Last night, I had the privilege of watching a baseball game played to near-perfection. The final score was 1-0. One of the pitchers took a no-no into the sixth inning before having it broken up on a wall-ball double that ended up scoring the only run of the game. There were no errors, only a past ball, and there was sacrifice bunting, small ball, and a couple of web gems. In the ninth inning, the tying and go-ahead runs were on with the closer in. The game was played in a little under two and half hours because the batters weren't stepping of the box every ten seconds to dick with their batting gloves, and the pitchers weren't knitting sweaters between each pitch.
In short, it was a dream game to watch, and I didn't have pay $200 for tickets and another $40 for parking, and $8 for a "bend me over" Bud Light like I would have at Fenway Park. Instead, my wife and I took our son to a New Hampshire Fisher Cats AA game against the Altoona Curve---and, yes, I admit, I had to look up where the hell Altoona was located (it's in Pennsylvania, in case you're curious)---and for $30 we bought seats a row behind the third base dugout, where we could almost see the seams spinning on the pitches.
And when we got home---no traffic coming out of the game---The Red Sox were still playing the pathetic Padres, and it was still in the sixth inning. The games, by the way, started at roughly the same time. The Red Sox lost, which was completely unacceptable, but, all in all, I had a good baseball night.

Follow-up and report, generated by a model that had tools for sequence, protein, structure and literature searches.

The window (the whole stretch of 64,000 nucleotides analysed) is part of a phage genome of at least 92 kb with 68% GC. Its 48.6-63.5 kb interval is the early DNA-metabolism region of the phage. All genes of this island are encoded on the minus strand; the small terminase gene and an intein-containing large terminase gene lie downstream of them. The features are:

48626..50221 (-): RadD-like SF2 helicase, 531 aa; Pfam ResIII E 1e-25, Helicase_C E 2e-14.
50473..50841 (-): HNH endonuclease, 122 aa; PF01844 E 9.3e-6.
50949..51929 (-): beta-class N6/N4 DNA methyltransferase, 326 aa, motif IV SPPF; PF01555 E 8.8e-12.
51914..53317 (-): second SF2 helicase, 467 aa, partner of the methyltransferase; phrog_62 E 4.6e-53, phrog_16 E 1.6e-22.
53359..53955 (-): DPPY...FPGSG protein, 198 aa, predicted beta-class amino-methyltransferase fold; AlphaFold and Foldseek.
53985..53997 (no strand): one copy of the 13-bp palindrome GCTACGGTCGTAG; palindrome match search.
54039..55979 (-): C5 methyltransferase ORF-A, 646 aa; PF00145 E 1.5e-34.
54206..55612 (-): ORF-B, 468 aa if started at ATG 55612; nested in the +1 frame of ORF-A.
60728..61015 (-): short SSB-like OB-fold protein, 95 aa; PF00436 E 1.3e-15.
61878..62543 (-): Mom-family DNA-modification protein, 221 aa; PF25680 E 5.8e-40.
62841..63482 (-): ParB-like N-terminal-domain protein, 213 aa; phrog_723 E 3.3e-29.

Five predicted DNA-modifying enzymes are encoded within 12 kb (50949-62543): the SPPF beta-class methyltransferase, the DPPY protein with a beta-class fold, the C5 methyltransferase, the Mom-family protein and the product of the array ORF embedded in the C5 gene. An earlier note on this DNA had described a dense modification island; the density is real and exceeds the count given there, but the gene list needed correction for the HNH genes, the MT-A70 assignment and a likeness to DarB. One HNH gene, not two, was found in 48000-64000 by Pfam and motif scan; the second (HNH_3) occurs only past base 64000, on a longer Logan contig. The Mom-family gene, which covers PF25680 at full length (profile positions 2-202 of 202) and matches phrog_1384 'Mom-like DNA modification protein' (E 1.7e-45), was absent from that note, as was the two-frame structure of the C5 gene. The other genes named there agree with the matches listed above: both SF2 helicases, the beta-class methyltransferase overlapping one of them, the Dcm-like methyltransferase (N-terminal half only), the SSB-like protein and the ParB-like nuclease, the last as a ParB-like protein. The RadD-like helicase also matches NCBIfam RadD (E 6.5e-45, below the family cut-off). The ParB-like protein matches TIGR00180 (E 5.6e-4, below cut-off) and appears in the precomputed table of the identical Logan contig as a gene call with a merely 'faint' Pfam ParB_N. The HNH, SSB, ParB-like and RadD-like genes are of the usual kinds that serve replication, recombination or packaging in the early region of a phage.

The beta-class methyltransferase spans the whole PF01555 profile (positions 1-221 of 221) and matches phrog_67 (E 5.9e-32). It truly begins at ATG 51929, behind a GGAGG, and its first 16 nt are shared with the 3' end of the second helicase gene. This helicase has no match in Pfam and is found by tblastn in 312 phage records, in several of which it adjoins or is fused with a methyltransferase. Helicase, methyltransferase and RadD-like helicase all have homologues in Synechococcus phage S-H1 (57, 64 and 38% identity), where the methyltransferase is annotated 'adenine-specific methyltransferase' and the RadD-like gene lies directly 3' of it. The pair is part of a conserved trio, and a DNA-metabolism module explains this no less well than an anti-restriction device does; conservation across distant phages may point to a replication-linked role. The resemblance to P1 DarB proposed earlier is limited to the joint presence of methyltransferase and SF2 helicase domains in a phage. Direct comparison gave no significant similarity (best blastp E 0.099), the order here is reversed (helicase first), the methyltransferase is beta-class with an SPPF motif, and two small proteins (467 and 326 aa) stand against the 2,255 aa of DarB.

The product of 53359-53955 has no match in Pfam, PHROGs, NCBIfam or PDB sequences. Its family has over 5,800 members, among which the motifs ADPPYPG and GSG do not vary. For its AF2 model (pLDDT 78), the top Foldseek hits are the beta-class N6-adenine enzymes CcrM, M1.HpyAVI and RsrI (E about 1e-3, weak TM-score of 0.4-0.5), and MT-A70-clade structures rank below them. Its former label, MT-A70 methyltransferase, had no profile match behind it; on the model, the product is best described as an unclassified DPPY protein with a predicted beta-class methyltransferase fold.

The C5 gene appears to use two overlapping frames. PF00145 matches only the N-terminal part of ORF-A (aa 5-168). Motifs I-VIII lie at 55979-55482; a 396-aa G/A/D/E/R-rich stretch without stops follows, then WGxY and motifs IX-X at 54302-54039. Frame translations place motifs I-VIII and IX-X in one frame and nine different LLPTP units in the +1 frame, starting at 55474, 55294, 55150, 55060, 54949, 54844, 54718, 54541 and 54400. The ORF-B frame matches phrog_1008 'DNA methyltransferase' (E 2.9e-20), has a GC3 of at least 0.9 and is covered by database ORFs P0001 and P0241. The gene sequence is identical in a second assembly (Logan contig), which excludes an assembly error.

Listen, despite my posturing on this blog as an obnoxious Red Sox fan, I am, first and foremost, a fan of the game. Unlike most of the Pink Hats in the box seats posing as the "Fenway Faithful" in their brand new Bruins t-shirts, I stay off my cell phone when I'm watching live baseball and actually watch the game. While I realize I'm at risk of sounding sanctimonious here, I find very few things in life as satisfying as being in the stands for a well-played baseball game. For me, it's right up there with an ice cold beer on a hot summer day, an afternoon nap, and the moment I experience when something I've been writing clicks and comes together.
While the Red Sox start and three minutes, and I have every plan of parking my ass on the couch to assure they don't lose a series to fucking San Diego before going on a nine game NL road trip, it's reassuring to know that instead of taking out a second mortgage to bring my family to Fenway, any time I have a hankering for live baseball, I can drive five-minutes and catch The Fisher Cats.
As someone perpetually on the slow end of the learning curve, I've finally discovered this little AA gem that the middle-class baseball fan in New England can enjoy.